The wealthiest one per cent

January 10, 2015 admin

Sterling cash







The Wealthiest One per Cent


We often hear about the ‘wealthiest one per cent’ in our newspapers, we hear about them in news bulletins and if we following the business news or any form of economics or social justice stories we have definitely heard about them.


“The wealthiest one per cent now own almost half of all Global Wealth,” trumpet the headlines.


A new report from Credit Suisse highlights this fact and it is being widely reported in the press with stories from the Huffington Post to the Daily Telegraph to the Economist to the Guardian and many others all appearing.  Charities regularly cite the rising inequalities in UK and global wealth and will often use reports like these to make their points.


I find this all incredibly interesting.  The reports and articles often seem designed to conjure up all sorts of images of  multi-millionaires, the super-wealthy, oligarchs, potentates and tech billionaires and it seems to engender a sense of injustice and perhaps a little envy at how well the top one per cent are doing compared to how the rest of us are all muddling along.


However, is this picture actually true or even fair?


A little less frenzied and breathless reporting and a little more analysis brings a fuller and perhaps more informed view of how this looks in the UK and to our clients.


Reading the Credit Suisse global wealth report beyond the headlines it becomes apparent that to access these reported lofty heights of wealth in UK terms actually requires  a figure of rather less than billions or even millions and is around £500,000.  This figure also allows for the inclusion of home equity.  Whilst I accept that this can be part of an individual’s total net worth it is also very often the family home and may be mortgaged or have other loans secured on it so this figure is not quite so straightforward as the report might suggest.


Thinking therefore about the wealth of the clients we are privileged to look after this figure then does not seem quite so stretching in world terms.


To make the top ten per cent requires an even more modest £48,980.  To put this into some sort of perspective, figures complied by the Office for National Statistics in 2012 reported that around 20 per cent of UK households have wealth above £600,000 so would easily qualify for the top one percent club.  The ONS goes on to state that almost four-fifths of UK households have accumulated wealth of more than £40,000 and this gives them enough to be closing in one the top ten per cent of wealthiest wealthiest citizens.

The World Wealth Consultancy reports that London now has more millionaires than any other world city.  This is due to its property prices and the UK’s long-standing commitment to pensions and investments as much as its attraction to the worlds wealthiest, many of whom choose to settle in the UK to live and to do business.  They go on to say that one in every thirty five London residents now has wealth over the £500,000 figure or one per cent club qualifying hurdle I mentioned earlier in this article.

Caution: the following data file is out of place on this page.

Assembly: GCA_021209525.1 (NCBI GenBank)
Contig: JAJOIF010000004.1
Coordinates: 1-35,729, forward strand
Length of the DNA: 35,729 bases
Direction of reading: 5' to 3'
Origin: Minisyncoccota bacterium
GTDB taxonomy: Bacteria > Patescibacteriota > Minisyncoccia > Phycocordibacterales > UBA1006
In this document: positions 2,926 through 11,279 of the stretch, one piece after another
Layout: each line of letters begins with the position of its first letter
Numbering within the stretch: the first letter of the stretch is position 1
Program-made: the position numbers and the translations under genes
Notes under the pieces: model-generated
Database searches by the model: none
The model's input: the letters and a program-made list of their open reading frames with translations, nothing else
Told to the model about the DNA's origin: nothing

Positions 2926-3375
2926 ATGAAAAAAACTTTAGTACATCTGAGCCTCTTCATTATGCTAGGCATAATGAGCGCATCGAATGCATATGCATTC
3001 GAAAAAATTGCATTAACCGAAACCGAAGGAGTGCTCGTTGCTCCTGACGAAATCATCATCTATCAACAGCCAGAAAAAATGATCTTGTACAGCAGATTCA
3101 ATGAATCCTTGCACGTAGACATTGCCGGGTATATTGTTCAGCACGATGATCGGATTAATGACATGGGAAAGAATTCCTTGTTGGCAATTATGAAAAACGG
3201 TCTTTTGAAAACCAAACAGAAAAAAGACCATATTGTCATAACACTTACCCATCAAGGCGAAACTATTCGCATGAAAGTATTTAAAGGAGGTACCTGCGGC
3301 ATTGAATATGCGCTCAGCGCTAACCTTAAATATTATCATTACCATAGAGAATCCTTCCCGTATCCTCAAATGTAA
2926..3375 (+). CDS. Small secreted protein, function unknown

Whilst as a global citizen this inequality does worry me somewhat I think that taking the lead in the fight against global financial poverty is best left to those more informed, involved and qualified than I and I will continue to supporting the charities that I favour in their endeavours.


This article merely seeks to highlight the fact that we are all by virtue of hard work and applying ourselves to the tasks of saving and investment doing a little better than we might sometimes give ourselves credit for.


So it appears that maybe we should take some of the more sensationalist headlines with a little pinch of salt.  The worlds top one per cent is largely us.   Perhaps it is time for the headline writers and more sensationalist report writers to tone down the rhetoric and more closely redefine what they actually mean by true upper echelons of world wealth.  Most of us are not ‘mega-rich’ by western standards, merely trying to secure the financial futures of ourselves and those of our families.


It does seem therefore seem rather unfair to me that they very often try to imply that hard working UK citizens should somehow feel that it is wrong to have committed to saving for their future financial security by giving up consumption today for a more secure later life in retirement.  We may be towards the top of the global wealth tree but we also have the attaching high living costs and levels of taxation to contend with.


As the State gradually withdraws much of what we used to take for granted this only seems like common sense to me and I am sure to all of you.


If you wish to discuss any of aspect of wealth management or that of securing your financial future please don’t hesitate to contact us or call us on 0207 337 1390.

We would love to help.









Lee Robertson, CEO

Lee is a Chartered Wealth Manager and is listed in the definitive Spears Wealth Management Index as one of the UK’s top 10 wealth managers. He is a regular contributor to the financial press and is often on television discussing wealth management and investment issues.


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